Our world is changing and our kids will likely need basics of coding and logic to professionally thrive in their future. As a professional, I’m experiencing first-hand the lack of software developers, and I know the situation will only grow worse in the job market. I’m convinced I can start fostering some skills already in my toddlers. No, I didn’t lose it and I am not trying to get my four year old girl into open source coding. However, I can teach her some basics of logic and problem-solving, in a creative and playful way. We have several products and games to allow this, but today I want to focus on a recent discovery we tested, that is the app The Foos developed by Code Spark.
Why I like it as a parent
I’m very selective when it comes to this kind of products. My kids’ screen time is extremely limited and tablet time even more. This is why I want to maximise its value. In addition, I’m a coder and a teacher, so definitely a picky consumer.
I was very glad to find out that Code Spark advisors include experts on computer science and education. In addition to several education prizes, the app The Foos received the Kokoa Standard certification, which makes it conform to the strict Finnish education standards (did you know Finland has one of the best education systems in the world?). Last but not least, the game is fully language-free, which allows also toddlers or children with any language background to play it.
How the app works
The game has several sections which aim to strengthen a particular aspect of basics of coding, for instance building and testing sequences of instructions, recognising different types of objects, or structuring loops. There are several levels which get increasingly difficult. The player is graded with one to three stars when she completes a level. Achieving levels also makes the player earn some virtual coins and trophies which can be spent in a in-app shop. As far as I could find, there’s no way to make “real money” purchases inside the app (if you want to be on the safe side, in the Ipad you can enable restrictions in Settings > General > Restrictions).
The interface is very intuitive and my four year old never got stuck on something. If the player doesn’t react for few seconds, a helping icon appears to guide them on how to proceed. Basic levels don’t last long, so that focus is not lost, especially in young children.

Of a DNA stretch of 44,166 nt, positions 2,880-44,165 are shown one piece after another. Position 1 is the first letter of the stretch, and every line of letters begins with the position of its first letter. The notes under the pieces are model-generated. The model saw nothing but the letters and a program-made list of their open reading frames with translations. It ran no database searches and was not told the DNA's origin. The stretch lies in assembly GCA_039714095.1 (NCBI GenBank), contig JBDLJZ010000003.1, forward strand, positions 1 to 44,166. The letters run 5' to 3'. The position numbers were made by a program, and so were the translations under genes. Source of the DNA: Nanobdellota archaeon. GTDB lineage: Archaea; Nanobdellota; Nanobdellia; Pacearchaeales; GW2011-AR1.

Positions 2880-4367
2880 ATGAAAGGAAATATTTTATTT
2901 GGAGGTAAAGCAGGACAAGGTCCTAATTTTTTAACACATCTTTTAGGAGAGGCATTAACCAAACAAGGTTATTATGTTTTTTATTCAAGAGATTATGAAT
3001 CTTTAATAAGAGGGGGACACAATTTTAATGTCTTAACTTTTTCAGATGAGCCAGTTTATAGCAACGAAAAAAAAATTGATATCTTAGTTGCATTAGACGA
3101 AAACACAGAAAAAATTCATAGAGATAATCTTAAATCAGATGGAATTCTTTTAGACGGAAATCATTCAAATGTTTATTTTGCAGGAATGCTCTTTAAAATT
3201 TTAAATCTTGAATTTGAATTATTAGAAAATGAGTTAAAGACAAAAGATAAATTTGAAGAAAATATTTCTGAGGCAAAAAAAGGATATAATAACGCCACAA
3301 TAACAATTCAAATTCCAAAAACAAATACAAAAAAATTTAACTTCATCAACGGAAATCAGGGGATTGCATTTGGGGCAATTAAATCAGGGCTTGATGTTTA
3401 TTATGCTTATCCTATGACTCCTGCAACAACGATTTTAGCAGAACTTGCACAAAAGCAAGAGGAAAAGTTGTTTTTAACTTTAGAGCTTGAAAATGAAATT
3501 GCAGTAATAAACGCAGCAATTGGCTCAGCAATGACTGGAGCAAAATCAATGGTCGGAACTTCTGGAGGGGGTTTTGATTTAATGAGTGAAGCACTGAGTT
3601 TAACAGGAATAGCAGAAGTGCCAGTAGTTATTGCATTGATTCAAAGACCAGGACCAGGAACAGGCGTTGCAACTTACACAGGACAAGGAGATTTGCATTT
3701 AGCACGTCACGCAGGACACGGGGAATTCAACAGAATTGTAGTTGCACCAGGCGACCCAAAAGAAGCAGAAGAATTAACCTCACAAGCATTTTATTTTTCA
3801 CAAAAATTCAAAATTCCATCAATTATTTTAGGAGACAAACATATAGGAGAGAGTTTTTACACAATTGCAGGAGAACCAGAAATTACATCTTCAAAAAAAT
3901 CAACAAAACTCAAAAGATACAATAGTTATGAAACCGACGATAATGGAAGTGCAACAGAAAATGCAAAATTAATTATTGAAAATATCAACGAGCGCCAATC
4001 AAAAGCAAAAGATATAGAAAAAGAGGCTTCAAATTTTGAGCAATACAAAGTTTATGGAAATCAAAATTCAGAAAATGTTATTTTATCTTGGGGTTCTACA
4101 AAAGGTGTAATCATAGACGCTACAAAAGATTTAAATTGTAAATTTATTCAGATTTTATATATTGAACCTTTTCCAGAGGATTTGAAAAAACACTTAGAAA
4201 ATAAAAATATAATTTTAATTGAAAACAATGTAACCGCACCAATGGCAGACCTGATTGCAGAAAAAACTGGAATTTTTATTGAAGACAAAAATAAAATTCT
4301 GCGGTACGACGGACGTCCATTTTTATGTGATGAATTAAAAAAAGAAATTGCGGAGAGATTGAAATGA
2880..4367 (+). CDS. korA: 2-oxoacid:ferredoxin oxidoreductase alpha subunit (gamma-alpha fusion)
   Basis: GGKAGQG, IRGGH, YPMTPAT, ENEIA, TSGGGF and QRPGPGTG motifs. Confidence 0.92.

There are a couple of sections, mostly for older children, where kids can design levels and share them with the community. My toddler could play them, but not design them yet. However, I think it’s nice that there will be something new for her to play in the future.
Overall, I strongly recommend this app. It’s great fun, with a learning value. The monthly fee pricing model feels like a guarantee that new features will be constantly released and that the product will evolve in time. As a software developer, I appreciate how the creators broke down the coding frame of mind into smaller concepts, then adapted them to make them accessible and appealing to children. The user interface is really smart, well-designed, and more important the app is safe to use.
Get it now!
You can download The Foos from the App Store or from Google Play. You can even play a lite version online. After a seven day trial, you’ll need to pay a monthly subscription of $7.99. You also have the chance to buy use for longer periods for a discounted price, also as a gift to others. You can register up to three children within one subscription. The target age of users is 4-9 years old. Interaction between players is allowed in some sections but limited to sending thumbs up to each other, so it’s perfectly safe.
I was temporarily granted free access to the app to test it for this review. Opinions are mine, sincere and based on parenting values, and my professional expertise as a software developer and adult education teacher. Read about my transparency values here.